Weekend Roundup - 14th / 15th May
Most weekends I do three 'pay what you want' walks around London. On Saturday morning, eight people joined me for the walk from Trafalgar Square to St Paul's cathedral. Over the last few years, I've done a few walks with people from CAFOD (Catholic Aid for Overseas Development). Father George from Sri Lanka and Atul and Pinto from Bangaldesh were accompanied by Dominic, who had been on a walk with me previously. The other half of the group had a distinctly American feel, with Danny & Amina from Massachusetts (I think) and Abby & Kate from North Carolina. I took their photo as we passed through Covent Garden.
For the afternoon walk which takes us over to Bankside & Borough on the south side of the River Thames I had a few repeat walkers; Chris & John who came on the East London walk last year and Kaidi who had been a few years ago and brought with her, two friends, Bonnie & Rhonda. We were also joined by Ewan and his daughter and Steve & Anne. Now, I wanted to mention Ewan because three years ago, at the ripe old age of 41 he was diagnosed with young onset Parkinson's. Parkinson's disease is a degenerative neurological condition, with symptoms such as tremors, slow movement and stiff and inflexible muscles. The name comes from James Parkinson, who amongst other things was an east London surgeon and apothecary, who first published in 1817 his observations on the condition which he called the 'shaking palsy'.
Most people with a cursory knowledge of this disease would probably associate it with the elderly, but as illustrated by Ewan, this is anything but the case. As a husband and father of a young family, Ewan's diagnosis turned his world upside down. It seems he refused to admit his diagnosis for a while, until it was something he could no longer ignore and once he had opened up to friends and family about his condition, realised the importance of a support network. Wanting to widen the net, Ewan set up a self-help website with the aim of providing support to other Parkinson's sufferers, their carers and families. Obviously Ewan's own personal experience forms a large part of the content, but he also includes recipes for healthy eating, exercises regimes and stuff like that. He's also been busy raising the Parkinsons.Me profile locally (he lives in Oxfordshire), taking part in challenges and events. My walk on Saturday was one such event and Ewan was joined by Anne, another person with Parkinson's who lives in London. I'm very pleased they were able to come along.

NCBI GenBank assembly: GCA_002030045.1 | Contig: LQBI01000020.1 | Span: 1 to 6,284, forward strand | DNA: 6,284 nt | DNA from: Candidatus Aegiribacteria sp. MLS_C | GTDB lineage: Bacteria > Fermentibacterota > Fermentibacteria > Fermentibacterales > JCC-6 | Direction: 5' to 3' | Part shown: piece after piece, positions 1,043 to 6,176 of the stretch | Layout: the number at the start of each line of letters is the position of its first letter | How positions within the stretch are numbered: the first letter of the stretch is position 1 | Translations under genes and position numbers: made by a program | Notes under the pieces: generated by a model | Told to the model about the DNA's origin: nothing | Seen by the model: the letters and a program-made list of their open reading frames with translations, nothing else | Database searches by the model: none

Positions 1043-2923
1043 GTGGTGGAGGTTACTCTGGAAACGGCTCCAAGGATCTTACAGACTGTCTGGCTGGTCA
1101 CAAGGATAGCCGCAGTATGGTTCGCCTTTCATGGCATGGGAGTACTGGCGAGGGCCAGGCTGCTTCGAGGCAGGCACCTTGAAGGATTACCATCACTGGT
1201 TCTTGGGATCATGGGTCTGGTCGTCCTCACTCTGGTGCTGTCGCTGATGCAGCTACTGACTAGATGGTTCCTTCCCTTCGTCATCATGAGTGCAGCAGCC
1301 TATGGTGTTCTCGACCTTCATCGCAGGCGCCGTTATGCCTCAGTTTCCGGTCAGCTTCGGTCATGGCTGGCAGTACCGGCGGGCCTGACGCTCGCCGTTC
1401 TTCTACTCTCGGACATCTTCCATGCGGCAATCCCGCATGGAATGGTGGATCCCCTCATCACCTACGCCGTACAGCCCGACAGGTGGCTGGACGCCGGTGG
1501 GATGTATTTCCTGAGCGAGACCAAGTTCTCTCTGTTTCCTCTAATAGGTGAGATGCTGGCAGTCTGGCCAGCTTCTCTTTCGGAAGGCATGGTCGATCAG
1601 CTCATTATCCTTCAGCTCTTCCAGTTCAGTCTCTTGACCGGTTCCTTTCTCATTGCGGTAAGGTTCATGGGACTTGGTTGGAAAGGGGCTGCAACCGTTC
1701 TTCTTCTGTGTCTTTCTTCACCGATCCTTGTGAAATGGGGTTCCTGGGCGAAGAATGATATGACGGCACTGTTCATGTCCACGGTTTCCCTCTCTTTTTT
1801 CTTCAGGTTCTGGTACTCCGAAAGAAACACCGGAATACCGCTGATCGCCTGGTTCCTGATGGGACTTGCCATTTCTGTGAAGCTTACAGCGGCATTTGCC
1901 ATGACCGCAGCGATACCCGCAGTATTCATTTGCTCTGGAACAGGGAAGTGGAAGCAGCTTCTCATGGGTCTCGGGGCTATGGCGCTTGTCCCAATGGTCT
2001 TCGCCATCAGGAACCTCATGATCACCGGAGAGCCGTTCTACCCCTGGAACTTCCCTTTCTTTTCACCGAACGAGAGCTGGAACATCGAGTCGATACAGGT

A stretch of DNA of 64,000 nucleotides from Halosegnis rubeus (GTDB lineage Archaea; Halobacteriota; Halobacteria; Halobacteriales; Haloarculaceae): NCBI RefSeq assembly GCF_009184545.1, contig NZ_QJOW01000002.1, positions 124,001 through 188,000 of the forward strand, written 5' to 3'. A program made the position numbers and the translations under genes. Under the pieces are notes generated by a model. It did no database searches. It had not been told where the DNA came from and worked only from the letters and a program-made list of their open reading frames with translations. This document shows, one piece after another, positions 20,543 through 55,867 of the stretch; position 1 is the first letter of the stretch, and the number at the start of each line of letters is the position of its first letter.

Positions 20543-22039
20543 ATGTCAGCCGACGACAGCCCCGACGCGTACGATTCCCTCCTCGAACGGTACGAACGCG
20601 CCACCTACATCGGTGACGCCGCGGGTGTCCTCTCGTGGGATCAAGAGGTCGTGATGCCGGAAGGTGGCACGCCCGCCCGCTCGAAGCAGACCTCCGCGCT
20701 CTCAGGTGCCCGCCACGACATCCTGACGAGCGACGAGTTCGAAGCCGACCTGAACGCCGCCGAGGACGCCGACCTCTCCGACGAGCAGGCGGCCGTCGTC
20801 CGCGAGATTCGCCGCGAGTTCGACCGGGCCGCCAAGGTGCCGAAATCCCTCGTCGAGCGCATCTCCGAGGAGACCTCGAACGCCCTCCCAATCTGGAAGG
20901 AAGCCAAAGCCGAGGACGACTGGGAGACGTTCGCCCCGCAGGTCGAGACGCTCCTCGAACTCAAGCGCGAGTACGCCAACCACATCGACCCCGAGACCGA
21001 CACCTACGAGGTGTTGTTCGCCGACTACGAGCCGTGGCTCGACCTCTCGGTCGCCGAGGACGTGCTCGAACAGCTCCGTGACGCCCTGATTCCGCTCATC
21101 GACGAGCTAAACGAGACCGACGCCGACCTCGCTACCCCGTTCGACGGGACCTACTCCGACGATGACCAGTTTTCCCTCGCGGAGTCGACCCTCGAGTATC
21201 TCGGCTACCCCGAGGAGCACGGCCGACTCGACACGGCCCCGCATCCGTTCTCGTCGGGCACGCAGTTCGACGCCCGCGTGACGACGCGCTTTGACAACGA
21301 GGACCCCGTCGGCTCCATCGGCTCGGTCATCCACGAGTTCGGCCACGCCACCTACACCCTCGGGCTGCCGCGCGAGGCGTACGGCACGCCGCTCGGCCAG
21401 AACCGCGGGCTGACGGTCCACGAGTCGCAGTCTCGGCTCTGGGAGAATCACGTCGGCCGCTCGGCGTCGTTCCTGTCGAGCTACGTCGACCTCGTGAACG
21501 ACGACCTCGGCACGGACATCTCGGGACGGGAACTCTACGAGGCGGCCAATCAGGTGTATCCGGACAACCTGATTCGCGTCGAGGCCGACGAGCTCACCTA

If you've recently been diagnosed with Parkinson's Disease, or know someone who has, please have a look at Ewan's Parkinsons.Me website, (recently awarded charity status) and I'm sure he'd be delighted if you got in touch with him, should you so wish.
Incidentally, I took the photo of the group (below) standing by the site of the original Globe Theatre, which opened on Bankside in 1599.
Sunday is the East London walk, which aside from me warbling on about random things that I find interesting, includes quite a lot of street art. Here are Sunday's group in Shoreditch, standing in front of a piece by an artist that I really like; Conor Harrington, an Irish painter, based in London. The group included a lovely bunch of guys from the north of England, a couple who lived in London (and worked in the area) and Efi & Pedro visiting London from Athens.
Bowl Of Chalk
Bowl Of Chalk based shenanigans.